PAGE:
The American public has been trained to simply weather these price storms, enjoy a pullback, then adjust to the new level of gasoline prices. What happens if prices don't level and just continually rise? If what OPEC and peak oilers are saying is true, it's not until demand falls substantially that prices will stabilize. And with a couple billion Indians and Chinese now demanding petroleum, American consumption may not be able to affect prices the way it once did. Maybe Americans will finally have to think about alternative energy and alternative transportation? But hey. What's the hurry?


Wednesday, May 21, 2008

So It's War For NBC?

This crap is incredible:

There is more to the White House's unprecedented attack on NBC News yesterday than meets the eye.

The blistering letter to NBC from White House Counselor Ed Gillespie ostensibly focuses on the way President Bush's interview with NBC chief foreign correspondent Richard Engel was edited for presentation on Sunday's Nightly News.

But NBC's handling of the interview was not atypical for a tightly-edited broadcast and did not violate any journalistic norms. The White House may believe that news outlets are obliged to reproduce all of Bush's non-answers in their rambling entirety, but that's not the way the news business works.

Here's a link to the interview in question.

As Froomkin later points out in the above article, the Preznit seemed to be getting more and more pissed as the interview went on. It wasn't the editing that was a problem, it was the fact that he was confronted with pointed and challenging questions. The village idiot is so used to wet kiss questions that he usually gets he got miffed when facing a, you know, real journalist.

It looks to me like the White House is joining in on the Faux war against NBC. These are classic Republican pushback tactics to try and put the media back in the box anytime they do their jobs. Let's hope NBC/MSNBC keeps their balls and do the job they are charged with doing.


Good Idea

I think this is a great idea:

In the WP's op-ed page, James Andrew Miller writes that a good way to "foster party unity" among the Democrats after a bitterly long nomination fight could be for Obama to promise Clinton that he will appoint her to the Supreme Court if a justice decides to retire during his presidency. The contenders pretty much agree on every major issue, so it's likely that Obama would be pleased with Clinton's votes in the court. The move would also motivate her supporters to back Obama since she could play a much more consequential role in the country's future than if she were to be his vice president. "Clinton's gumption and determination might make her one of the most powerful forces ever on the court, particularly when it comes to swaying other justices when the court is closely divided."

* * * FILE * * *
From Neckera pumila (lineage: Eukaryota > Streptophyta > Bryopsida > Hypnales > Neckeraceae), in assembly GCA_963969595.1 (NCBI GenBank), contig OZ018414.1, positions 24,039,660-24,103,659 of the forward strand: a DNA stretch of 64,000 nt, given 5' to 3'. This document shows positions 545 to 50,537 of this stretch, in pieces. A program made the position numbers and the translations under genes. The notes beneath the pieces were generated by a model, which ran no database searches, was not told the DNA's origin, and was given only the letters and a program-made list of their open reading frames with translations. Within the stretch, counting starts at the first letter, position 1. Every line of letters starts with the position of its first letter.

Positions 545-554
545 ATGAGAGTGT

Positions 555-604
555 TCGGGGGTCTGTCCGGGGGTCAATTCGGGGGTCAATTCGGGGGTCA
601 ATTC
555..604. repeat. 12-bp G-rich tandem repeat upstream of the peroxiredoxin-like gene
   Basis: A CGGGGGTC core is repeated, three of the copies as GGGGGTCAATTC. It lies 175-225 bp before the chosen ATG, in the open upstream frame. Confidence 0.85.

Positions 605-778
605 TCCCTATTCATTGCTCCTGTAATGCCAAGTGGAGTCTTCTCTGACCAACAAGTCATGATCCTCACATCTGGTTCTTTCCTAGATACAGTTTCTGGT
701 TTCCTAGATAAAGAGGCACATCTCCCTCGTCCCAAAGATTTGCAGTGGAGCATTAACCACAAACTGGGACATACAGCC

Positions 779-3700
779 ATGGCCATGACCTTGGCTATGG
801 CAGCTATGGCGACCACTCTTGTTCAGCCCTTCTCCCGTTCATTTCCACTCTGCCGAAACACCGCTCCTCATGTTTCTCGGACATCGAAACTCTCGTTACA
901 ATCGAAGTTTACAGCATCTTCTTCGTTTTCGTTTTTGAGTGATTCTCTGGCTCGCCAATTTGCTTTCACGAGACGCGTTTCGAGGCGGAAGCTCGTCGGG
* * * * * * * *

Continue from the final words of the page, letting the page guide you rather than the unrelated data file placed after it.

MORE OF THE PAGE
Except I wouldn't make it public.

I'm of the opinion that when push comes to shove, Clinton supporters will not vote for McCain. In fact, without an October surprise, I'm not sure anyone will vote for McBush other than that core 30% of nutbars that would vote for my schnauzer if he was a Republican. But promising Hillary a SCOTUS position would be a very dignified way to getting her out of the race, get her full support for the campaign and put her in a governmental role in which she could really shine.


Tuesday, May 20, 2008

So Sorry

Poor old Ted. A liberal icon on the ropes.


Iran Surprise

Some of you may know that I have a permanent tinfoil hat when it comes to Bush attacking Iran. But then stuff like this keeps bubbling up:

The official claimed that a senior member of the president's entourage, which concluded a trip to Israel last week, said during a closed meeting that Bush and Vice President Dick Cheney were of the opinion that military action [against Iran] was called for.